Why Does Only One Nostril Get Stuffy When You’re Sick?
It never fails. The moment we have a wild swing in temperatures, which tends to happen frequently because we live in the Midwest, my sinuses go into overdrive which, as you can see by the size of the schnoz on my face (that's me in the picture above, 👋) can produce enough mucous for an entire army of noses. The snot factory will remain open 24 hours a day, seven days a week until the temperature remains in the same range for a few days. Even once that happens, it scales back production a bit, but it never completely shuts it down. And outside of constantly taking a decongestant, there's not a darn thing I can do about it. When I see the forecast show a drastic temperature change coming, all I can do is make sure I keep a box of tissues nearby. It is what it is. What I never have understood though is why it only happens on one side of my freakin' nose.
Turns out, there's quite a bit more going on than just passing air in and out of your lungs inside those two wind tunnels on your face.
After literally searching, "why does my nose only get stuffy on one side," I found the reason. It's all thanks to the same soft tissue that, uh, let's say, makes a man's soldier stand up and salute. Seriously.
A Literal Open and Shut Case
While you're sitting around, minding your own business, breathing in and out without thinking about it to keep yourself alive, your body's autonomic nervous system, which also controls several internal functions like heart rate and digestion without any thought on your part, is keeping your lungs safe from dry, harsh air by warming and humidifying it with the mucous it creates in your nose. The process takes quite a bit of work, so to protect itself from overworking, your nose alternates between which nostril is taking in more air by performing what science calls a "nasal cycle." In order to reduce the amount of air going in and out of the nostril it's giving a break, it pumps extra blood into the soft, a.k.a. erectile, tissue inside the sinus cavity. The tissue swells, limiting the amount of air that can pass through that side. Basically, it gives it a sinus boner. After a few hours, it relaxes and repeats the process on the other side. This happens every day for our entire lives.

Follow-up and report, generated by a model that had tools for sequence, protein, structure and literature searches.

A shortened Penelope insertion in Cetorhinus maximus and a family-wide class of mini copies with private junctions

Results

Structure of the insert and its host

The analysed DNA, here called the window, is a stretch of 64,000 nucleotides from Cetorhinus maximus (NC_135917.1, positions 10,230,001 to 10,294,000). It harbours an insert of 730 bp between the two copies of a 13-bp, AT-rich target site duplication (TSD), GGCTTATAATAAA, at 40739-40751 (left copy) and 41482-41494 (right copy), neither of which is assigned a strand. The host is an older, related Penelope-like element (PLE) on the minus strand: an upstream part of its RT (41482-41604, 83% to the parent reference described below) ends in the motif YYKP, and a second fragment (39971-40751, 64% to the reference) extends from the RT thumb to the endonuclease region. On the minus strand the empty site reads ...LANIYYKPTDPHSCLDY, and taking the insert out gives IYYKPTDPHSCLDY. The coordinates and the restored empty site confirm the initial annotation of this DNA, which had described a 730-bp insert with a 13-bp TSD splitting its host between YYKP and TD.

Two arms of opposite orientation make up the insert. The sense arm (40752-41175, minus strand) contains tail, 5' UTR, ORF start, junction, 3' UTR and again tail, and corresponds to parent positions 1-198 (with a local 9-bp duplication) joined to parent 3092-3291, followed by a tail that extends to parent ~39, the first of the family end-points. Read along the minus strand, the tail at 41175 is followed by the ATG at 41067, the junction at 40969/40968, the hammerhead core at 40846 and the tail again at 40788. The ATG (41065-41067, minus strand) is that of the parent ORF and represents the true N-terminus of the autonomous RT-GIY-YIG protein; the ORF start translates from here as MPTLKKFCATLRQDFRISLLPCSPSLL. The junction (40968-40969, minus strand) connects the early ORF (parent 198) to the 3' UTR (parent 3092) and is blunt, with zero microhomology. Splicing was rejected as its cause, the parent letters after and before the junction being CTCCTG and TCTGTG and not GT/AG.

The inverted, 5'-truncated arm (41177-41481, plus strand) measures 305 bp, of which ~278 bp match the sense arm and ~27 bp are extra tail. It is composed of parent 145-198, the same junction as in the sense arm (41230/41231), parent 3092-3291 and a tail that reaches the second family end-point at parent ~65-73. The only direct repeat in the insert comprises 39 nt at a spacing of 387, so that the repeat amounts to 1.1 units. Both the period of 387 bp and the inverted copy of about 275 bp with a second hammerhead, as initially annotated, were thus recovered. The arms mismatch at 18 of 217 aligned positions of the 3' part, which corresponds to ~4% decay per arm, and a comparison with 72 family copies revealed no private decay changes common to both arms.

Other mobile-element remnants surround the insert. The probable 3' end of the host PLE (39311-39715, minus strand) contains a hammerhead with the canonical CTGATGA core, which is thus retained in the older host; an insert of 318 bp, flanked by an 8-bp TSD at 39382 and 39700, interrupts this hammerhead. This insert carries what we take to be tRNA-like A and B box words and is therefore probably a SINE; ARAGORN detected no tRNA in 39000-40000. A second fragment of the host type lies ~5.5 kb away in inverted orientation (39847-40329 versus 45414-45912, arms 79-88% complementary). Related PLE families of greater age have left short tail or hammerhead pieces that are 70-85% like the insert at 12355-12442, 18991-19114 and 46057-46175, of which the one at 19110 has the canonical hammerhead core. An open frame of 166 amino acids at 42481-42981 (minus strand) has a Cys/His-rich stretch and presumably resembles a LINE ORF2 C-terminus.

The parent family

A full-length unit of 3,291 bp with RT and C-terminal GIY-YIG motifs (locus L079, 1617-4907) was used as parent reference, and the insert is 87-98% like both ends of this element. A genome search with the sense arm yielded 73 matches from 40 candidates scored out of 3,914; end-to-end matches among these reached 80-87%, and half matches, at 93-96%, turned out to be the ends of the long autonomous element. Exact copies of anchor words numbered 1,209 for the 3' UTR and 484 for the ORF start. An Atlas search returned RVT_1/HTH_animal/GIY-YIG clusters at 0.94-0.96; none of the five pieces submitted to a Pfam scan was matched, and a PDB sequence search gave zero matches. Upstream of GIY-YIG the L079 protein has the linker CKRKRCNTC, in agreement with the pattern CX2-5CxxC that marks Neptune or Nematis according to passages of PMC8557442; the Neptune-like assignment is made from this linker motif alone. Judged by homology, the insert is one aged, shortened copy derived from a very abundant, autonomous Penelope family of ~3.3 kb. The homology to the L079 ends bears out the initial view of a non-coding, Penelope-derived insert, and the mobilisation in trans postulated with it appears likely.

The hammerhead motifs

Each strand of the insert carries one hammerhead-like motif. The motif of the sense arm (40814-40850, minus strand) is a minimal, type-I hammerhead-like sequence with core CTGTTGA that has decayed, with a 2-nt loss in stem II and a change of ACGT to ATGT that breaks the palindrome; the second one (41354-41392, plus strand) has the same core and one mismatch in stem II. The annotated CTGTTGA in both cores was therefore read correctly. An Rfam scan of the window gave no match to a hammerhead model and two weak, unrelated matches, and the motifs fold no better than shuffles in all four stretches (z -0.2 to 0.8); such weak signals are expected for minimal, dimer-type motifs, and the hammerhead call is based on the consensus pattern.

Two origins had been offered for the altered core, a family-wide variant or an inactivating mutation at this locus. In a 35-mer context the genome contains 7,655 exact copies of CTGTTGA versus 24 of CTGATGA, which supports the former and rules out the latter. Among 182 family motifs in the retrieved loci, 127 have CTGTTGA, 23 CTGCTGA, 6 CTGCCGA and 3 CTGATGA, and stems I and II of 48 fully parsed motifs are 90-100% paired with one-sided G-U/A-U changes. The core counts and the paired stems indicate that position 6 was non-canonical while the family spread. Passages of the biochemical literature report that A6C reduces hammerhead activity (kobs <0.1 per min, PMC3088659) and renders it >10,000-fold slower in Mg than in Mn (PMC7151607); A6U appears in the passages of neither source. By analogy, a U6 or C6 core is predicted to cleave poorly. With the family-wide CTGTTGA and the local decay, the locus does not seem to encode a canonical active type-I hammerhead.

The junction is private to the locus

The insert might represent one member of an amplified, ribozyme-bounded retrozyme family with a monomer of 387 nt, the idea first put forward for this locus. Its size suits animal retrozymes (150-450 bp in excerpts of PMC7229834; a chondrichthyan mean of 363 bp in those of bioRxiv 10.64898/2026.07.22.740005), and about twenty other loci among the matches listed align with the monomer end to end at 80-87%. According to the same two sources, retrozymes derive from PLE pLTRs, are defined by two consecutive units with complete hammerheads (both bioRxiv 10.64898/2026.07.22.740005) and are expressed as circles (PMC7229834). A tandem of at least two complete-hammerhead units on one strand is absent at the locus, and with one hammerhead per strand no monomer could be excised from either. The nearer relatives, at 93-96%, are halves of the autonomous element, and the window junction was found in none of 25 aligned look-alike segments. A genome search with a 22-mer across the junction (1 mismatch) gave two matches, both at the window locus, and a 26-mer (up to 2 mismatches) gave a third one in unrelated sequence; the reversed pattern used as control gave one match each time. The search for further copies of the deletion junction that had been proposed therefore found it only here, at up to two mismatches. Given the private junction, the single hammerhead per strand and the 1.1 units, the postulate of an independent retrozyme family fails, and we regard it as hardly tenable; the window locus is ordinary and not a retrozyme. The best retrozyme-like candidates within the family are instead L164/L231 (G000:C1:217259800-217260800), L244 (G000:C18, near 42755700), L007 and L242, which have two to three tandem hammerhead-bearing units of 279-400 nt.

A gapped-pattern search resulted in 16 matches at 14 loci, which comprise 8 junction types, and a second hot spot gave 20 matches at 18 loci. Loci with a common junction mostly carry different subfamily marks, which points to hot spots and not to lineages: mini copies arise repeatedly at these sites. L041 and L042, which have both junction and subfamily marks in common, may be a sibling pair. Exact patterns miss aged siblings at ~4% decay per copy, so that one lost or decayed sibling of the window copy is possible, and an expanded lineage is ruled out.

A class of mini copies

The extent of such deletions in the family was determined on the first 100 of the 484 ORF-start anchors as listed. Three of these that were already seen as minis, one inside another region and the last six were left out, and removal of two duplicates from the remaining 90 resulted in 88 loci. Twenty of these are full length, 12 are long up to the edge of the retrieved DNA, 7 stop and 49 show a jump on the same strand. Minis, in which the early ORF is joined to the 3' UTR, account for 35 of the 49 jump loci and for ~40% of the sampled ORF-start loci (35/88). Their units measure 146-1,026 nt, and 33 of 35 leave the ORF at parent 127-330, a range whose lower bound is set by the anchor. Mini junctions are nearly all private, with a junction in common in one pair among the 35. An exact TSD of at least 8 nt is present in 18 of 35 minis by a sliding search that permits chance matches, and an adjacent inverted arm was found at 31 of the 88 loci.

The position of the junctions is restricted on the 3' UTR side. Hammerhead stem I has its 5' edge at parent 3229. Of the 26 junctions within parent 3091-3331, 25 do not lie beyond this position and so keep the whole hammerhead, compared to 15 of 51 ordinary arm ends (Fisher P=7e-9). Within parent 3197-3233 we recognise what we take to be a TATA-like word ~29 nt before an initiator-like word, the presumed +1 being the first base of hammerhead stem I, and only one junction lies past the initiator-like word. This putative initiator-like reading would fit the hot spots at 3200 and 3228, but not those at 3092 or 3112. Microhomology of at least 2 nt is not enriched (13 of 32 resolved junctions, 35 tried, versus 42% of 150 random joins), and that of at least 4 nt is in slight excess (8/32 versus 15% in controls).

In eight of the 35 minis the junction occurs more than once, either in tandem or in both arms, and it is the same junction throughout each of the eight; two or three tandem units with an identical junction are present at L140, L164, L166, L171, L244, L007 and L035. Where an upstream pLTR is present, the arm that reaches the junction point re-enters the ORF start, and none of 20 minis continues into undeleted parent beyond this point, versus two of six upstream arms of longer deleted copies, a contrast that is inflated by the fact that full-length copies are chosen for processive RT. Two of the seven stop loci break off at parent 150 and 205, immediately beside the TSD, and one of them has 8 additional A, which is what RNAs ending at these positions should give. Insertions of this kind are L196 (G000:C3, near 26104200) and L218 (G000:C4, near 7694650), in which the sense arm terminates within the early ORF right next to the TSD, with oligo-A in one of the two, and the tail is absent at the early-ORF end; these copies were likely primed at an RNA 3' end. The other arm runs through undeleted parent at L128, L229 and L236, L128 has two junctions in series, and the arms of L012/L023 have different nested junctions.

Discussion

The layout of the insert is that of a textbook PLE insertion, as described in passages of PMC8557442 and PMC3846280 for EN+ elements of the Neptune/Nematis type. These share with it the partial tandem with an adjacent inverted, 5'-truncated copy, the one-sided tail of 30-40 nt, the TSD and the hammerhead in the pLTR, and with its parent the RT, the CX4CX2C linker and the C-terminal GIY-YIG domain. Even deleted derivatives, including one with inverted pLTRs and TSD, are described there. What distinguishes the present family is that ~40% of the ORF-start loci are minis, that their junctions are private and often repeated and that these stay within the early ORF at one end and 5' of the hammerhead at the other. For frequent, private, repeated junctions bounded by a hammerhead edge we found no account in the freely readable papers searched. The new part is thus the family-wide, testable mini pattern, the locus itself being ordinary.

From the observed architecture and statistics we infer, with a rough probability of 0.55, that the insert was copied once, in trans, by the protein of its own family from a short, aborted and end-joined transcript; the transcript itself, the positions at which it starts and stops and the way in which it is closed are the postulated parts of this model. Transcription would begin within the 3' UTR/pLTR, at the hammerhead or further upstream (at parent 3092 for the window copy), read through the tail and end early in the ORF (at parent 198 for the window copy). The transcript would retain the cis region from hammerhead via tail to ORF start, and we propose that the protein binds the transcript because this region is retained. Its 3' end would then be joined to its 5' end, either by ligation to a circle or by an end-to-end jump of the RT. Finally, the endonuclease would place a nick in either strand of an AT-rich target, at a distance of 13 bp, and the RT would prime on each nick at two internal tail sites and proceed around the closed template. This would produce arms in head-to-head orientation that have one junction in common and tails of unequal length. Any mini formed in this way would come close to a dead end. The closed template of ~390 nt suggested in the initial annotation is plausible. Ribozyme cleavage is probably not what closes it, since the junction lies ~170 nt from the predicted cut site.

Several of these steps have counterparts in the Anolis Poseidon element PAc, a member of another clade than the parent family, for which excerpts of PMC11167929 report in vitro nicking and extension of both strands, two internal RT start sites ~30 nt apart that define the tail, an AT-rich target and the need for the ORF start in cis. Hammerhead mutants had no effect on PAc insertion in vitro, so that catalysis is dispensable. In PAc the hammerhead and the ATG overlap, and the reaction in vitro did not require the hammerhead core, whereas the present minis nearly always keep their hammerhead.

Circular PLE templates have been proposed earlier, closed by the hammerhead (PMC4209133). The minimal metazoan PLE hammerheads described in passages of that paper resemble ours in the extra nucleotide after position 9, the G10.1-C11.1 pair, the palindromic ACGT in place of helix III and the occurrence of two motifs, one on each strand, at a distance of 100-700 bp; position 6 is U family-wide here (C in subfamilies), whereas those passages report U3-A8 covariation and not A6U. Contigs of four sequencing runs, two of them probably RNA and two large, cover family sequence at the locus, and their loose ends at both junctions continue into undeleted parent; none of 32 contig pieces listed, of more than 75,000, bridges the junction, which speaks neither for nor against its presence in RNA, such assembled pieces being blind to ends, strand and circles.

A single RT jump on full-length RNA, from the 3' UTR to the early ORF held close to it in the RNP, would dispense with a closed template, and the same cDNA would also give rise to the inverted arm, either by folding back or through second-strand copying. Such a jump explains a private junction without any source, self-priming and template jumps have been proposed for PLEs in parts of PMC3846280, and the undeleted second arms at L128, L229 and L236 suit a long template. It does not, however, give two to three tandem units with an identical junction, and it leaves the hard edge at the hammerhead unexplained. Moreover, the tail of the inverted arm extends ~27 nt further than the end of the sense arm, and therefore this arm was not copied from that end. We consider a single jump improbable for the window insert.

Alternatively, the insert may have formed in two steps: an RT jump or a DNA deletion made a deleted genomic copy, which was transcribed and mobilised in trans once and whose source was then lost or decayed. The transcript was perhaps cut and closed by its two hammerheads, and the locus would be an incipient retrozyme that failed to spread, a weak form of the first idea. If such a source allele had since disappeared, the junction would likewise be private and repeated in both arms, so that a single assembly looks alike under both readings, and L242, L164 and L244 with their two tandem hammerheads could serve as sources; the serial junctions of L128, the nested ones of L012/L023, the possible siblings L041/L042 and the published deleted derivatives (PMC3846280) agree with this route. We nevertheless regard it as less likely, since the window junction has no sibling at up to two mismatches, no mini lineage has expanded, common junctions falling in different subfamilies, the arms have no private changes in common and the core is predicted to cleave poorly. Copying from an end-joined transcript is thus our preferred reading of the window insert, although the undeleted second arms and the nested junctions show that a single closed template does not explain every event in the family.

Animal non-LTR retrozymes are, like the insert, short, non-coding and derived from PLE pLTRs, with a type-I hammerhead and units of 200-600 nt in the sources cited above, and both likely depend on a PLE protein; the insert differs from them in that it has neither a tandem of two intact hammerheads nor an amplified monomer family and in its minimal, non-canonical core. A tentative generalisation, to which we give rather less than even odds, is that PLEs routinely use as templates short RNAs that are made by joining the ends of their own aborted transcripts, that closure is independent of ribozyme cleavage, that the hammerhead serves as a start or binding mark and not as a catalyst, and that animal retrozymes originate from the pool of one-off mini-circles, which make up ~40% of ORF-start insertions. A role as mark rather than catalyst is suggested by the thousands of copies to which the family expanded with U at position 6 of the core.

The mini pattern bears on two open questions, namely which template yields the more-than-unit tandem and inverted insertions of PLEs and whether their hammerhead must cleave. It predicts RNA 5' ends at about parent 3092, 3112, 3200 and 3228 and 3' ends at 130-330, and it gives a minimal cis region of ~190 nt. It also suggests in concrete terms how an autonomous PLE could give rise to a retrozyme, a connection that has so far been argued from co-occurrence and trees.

It's a pretty impressive process, especially since it happens without our knowledge and has been happening since the day we took our first breath. But, it's not without its flaws. The nasal cycle doesn't care if your sinuses are already a bit swollen because your immune system is trying to fight off an illness or allergy to something in the air. Just like a good worker bee, all it knows is to shut down one side and open the other over and over and over again until you die.
As you may have guessed by now, with the already limited space in your sinus cavity, the additional swelling causes even less, or if there's enough swelling no, air to pass through, leaving you one stuffy or completely clogged nostril.
[Sources: Science Alert / Encyclopedia Britannica]
Goosebumps and other bodily reactions, explained